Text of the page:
Ralph Jungheim, a record producer, impresario, photographer, and all-around friend to jazz, dies at 89: Photo

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Ralph Jungheim, a record producer, impresario, photographer, and all-around friend to jazz, passed away on Jan. 5 in Los Angeles, Calif., due to complications of a longtime illness. He was 89.

As an independent producer, Jungheim oversaw 58 albums for such artists as Earl Hines, Freddie Hubbard, Ruth Brown, Joe Pass, Michel Legrand, Jimmy Rowles, Freddy Cole, Jimmy Witherspoon, Howard Rumsey’s Lighthouse All Stars, Jack Sheldon, Wild Bill Davison and Eddie Miller, Jackie Allen, Dr. Bobby Rodriguez, Bill Berry’s Ellington All-Stars, Charles Neville, Tommy Newsom, Mavis Rivers, James Zollar, and John Dentz.

Jungheim’s approach to production was to creatively agitate his artists, frequently suggesting unfamiliar material or pairing them with players who were new to them. Piano legend Earl Hines preferred playing tunes that he’d already recorded many times; Jungheim researched his discography and came up with a program of songs that Hines had never previously cut for Fatha Hines Plays Hits He Missed (1978). Trumpeter Jack Sheldon’s onstage clowning was becoming better known than his playing, so Jungheim only recorded instrumentals with him on Playin’ It Straight (1981). Pianist Jimmy Rowles was captured in combinations of trio, quartet, and quintet—all on the same album (Jimmy Rowles Plus 2, Plus 3, Plus 4, 1989). And Jungheim put Michel Legrand in the stimulating company of Cuban trumpeter Arturo Sandoval and West Coast jazzmen Buddy Collette and Bud Shank for Michel Plays Legrand (1993).

The albums that resulted from this approach drew industry accolades. Two releases that Jungheim produced, Joe Williams’ Nothin’ But the Blues (1984) and Ruth Brown’s Blues on Broadway (1989), earned Grammys, with four more—Etta James’ The Late Show (1987), Eddie “Cleanhead” Vinson’s Blues in the Night (1987), Roy Clark and Joe Pass Play Hank Williams (1994), and Don Menza’s Burnin’ (2002)—receiving Grammy nominations.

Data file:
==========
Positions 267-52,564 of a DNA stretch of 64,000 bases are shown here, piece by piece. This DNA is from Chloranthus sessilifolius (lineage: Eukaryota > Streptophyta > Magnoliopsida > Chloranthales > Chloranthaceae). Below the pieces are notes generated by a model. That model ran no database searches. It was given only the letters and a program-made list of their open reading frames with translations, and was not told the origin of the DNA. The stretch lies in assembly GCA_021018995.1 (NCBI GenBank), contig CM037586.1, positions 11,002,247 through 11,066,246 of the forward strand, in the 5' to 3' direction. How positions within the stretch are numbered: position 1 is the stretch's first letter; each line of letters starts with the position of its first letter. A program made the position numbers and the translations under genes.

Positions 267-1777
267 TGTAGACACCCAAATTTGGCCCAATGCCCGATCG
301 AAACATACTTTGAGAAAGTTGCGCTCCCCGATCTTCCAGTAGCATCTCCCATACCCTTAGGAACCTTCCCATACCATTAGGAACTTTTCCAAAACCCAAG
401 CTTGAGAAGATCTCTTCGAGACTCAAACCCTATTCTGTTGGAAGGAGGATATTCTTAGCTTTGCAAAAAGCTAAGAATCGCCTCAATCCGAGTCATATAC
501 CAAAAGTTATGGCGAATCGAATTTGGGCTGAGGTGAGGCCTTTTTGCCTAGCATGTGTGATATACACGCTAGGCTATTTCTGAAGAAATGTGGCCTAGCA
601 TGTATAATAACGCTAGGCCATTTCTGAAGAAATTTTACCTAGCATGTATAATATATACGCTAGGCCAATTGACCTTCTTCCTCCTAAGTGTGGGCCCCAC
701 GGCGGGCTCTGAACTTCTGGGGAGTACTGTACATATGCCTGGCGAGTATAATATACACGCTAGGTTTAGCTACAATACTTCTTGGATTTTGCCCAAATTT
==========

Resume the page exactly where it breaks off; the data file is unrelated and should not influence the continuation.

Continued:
Born on May 19, 1929, Jungheim became a serious photographer as a teenager in his hometown of Chicago. Jazz musicians were his subject, and the city spread a banquet before him. He shot traditional players like Pee Wee Russell, Bud Freeman and Wild Bill Davison; bluesmen Big Bill Broonzy and Little Brother Montgomery; modernists like Dizzy Gillespie, Lennie Tristano, and George Shearing; and Count Basie and Louis Jordan at the Regal Theatre. Jungheim sold his images to DownBeat (including the first nationally published photos of singer/pianist Jeri Southern) before he was out of his teens. His photo archive is now part of CTS Images, a popular source for historic jazz images.

Armed with a Catholic high-school education, Jungheim went into advertising—first writing ad copy and then overseeing projects as a creative director. He moved to Los Angeles in 1954 to work for the Carson Roberts Agency. On radio campaigns, he used jazz broadcasters like Chuck Niles for his voiceovers; when there was music involved, he contracted the city’s top jazz players. Jungheim also produced a television pilot, Today’s Jazz (1973).

Record production was a natural step for Jungheim, but he didn’t take it lightly. To sharpen his music fundamentals, he took trumpet lessons. Working hand in hand with audio engineer John Eargle and tenor saxophonist Red Holloway (who frequently led Jungheim’s session bands and pointed him to good players around town), he quickly developed good instincts and learned how to navigate around difficult personalities. To choose just one example: At his first session producing Freddie Hubbard on 1983’s Back to Birdland, the trumpeter showed up without a horn. With nary a word to Hubbard, Jungheim subsequently sent a limousine that reliably transported the trumpeter­—with instrument—to his remaining sessions for the album.

In his later years as producer, Jungheim recorded Andy Williams, Jack Lemmon, Johnny Paycheck, Andrea Marcovici, and Boots Randolph.

A longtime devotee of Duke Ellington’s music, Jungheim produced the great bandleader’s 1973 Sacred Concert at St. Paul the Apostle Church in West Los Angeles. Along with Ray and Nancy Avery, Dr. Bill Hill, and others, he and his wife Celinda resuscitated the L.A. chapter of the Duke Ellington Society in the early 1980s.

Jungheim is survived by his wife; his daughters Jill and Lisa; sons Mark and Erik Blank; grandsons Charlie Jungheim, Troy Kassien, and Alexander Blank; and granddaughters Samantha Jungheim, Olivia Kassien and Katherine Blank. He also leaves three brothers—Lou, Sr., Quentin (with wife Susan), and Nick (with wife Maki)—and a sister, Dolores (with husband Bob).

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